Week 9 DVOA Ratings
by Aaron Schatz
A few big wins and losses stir up the Football Outsiders DVOA ratings this week, but the top three stay the same as last week. New England, Arizona, and Cincinnati are still the top three teams overall, each having one of the top three offenses in the league to go with a top-ten defense. Carolina is the big mover this week, going up from No. 7 to No. 4 on the strength of its big win over Green Bay. That means the three remaining undefeated teams now make up three of the top four teams in DVOA, along with the Cardinals. Our odds of at least one team going undefeated have gone up from 14.2 percent to 15.7 percent. The Broncos are no longer in the mix, but that is more than offset by the Panthers doubling their odds of going 16-0 after beating the Packers.
The change in circumstances for the Panthers and Falcons has been pretty severe. After four weeks, the Falcons and Panthers were both 4-0 and it was Carolina that looked like it was just skating by with close wins over bad opponents. After all, the Falcons at least beat the Eagles and Giants in their first two games. Since then, the Panthers have steadily improved against tougher competition while the Falcons have been mediocre against poor opponents. In fact, it's a bit surprising that the Falcons aren't lower than 17th in DVOA right now. Atlanta actually gets a positive DVOA for its loss to San Francisco this week, despite the opponent adjustment that comes from playing the worst team in the league by DVOA. Both the Falcons and the 49ers averaged the same 5.0 yards per play, but the Falcons picked off Blaine Gabbert twice without any turnovers of their own. Of course, DVOA gives the Falcons credit for a long drive that got down to fourth-and-goal from the 1, and sees that as more evidence of the Falcons being able to drive the ball in the future without too much of a penalty for Dan Quinn's awful decision to kick a field goal down four points in the last three minutes. DVOA also uses an opponent adjustment for San Francisco that's based on the whole season, without making the adjustment extra large to make up for the fact that the 49ers were starting Blaine Gabbert at quarterback and playing without Carlos Hyde or Anquan Boldin.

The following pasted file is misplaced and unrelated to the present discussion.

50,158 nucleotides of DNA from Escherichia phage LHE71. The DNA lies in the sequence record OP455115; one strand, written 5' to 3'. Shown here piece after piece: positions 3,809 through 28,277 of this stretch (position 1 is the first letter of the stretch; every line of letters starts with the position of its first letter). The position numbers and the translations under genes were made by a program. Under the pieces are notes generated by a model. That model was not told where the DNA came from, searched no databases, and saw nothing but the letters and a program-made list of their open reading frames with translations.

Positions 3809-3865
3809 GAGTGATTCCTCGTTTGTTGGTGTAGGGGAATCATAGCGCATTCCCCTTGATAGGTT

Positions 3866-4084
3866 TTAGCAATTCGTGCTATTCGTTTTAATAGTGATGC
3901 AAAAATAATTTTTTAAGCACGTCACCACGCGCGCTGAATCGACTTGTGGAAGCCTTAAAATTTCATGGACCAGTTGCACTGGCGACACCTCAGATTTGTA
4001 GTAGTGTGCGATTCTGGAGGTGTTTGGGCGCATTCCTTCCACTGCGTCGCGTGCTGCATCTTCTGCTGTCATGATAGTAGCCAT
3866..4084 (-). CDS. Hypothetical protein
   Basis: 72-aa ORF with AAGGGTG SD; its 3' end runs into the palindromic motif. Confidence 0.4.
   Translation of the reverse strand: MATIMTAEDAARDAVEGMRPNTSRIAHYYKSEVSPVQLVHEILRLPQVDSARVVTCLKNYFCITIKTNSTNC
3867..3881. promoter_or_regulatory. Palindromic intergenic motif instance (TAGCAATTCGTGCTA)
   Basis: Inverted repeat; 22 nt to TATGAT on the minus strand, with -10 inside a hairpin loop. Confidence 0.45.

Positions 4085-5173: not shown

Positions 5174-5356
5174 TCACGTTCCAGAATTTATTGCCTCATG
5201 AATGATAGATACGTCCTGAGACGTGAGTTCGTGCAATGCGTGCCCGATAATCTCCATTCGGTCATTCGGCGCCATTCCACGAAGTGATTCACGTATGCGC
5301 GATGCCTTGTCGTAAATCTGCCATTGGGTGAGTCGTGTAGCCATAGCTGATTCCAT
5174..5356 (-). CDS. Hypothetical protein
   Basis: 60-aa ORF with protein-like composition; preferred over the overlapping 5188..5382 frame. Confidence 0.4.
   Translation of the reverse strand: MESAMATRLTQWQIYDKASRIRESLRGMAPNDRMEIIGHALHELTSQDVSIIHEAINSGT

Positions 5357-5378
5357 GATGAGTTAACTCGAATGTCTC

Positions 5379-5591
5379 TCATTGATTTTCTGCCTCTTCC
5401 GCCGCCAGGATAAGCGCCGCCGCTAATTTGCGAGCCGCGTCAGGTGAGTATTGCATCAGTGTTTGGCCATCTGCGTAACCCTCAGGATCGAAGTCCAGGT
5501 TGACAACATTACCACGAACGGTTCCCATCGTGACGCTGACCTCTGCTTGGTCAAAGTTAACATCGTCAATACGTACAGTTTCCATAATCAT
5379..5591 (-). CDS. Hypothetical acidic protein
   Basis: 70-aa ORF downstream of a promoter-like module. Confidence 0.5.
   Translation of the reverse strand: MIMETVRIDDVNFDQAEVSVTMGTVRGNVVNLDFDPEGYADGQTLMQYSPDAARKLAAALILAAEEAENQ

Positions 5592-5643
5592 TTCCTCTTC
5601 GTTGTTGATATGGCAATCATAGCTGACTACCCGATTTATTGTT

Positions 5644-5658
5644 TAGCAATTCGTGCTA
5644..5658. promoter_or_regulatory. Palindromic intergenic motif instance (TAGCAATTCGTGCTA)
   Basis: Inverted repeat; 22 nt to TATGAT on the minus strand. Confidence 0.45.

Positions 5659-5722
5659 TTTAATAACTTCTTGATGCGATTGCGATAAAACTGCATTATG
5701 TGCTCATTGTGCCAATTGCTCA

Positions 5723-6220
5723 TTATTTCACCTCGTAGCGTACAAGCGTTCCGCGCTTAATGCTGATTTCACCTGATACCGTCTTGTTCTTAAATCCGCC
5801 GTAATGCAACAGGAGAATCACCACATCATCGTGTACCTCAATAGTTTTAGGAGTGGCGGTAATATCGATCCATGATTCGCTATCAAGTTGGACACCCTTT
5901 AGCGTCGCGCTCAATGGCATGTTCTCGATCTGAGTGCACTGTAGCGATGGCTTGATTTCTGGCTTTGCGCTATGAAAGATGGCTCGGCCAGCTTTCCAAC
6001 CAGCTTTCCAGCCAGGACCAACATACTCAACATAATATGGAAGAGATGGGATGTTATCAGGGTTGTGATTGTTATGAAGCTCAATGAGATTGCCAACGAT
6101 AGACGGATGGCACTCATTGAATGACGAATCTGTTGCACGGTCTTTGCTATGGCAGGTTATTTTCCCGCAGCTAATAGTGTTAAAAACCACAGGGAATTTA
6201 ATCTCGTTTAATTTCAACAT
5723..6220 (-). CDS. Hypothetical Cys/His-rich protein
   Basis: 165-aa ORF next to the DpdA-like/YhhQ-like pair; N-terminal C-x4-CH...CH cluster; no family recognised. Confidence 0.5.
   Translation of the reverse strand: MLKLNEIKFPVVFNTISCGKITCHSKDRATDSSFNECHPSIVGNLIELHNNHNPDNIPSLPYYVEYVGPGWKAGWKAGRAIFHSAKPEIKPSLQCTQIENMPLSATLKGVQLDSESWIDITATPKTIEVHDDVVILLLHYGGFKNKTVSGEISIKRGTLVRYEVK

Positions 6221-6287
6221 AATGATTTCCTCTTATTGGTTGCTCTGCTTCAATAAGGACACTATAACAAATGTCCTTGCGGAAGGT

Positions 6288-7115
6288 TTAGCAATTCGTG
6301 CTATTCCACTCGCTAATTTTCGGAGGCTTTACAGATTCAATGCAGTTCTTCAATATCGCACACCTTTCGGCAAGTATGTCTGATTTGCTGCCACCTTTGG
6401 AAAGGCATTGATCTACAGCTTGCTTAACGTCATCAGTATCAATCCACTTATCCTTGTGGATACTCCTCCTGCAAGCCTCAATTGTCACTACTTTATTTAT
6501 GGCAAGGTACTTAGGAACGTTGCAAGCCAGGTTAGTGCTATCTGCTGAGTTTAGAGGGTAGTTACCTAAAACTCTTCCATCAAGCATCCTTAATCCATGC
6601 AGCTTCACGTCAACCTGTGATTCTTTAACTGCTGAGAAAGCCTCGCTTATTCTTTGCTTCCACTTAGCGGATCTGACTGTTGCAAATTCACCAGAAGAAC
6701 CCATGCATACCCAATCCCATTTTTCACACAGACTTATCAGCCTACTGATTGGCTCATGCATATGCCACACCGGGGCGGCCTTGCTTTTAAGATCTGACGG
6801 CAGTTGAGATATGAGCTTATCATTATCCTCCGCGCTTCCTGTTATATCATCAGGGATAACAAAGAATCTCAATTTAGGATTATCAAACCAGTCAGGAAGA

For your NFC South-judging entertainment, here's our first week-to-week DVOA graph of the season. This one has both Atlanta and Carolina's DVOA side by side, and you can see how the Panthers have surged past the Falcons since Week 5.
Still, in the end, DVOA doesn't say that Atlanta sucks. It just says Atlanta is blah: 14th on offense, 19th on defense and special teams.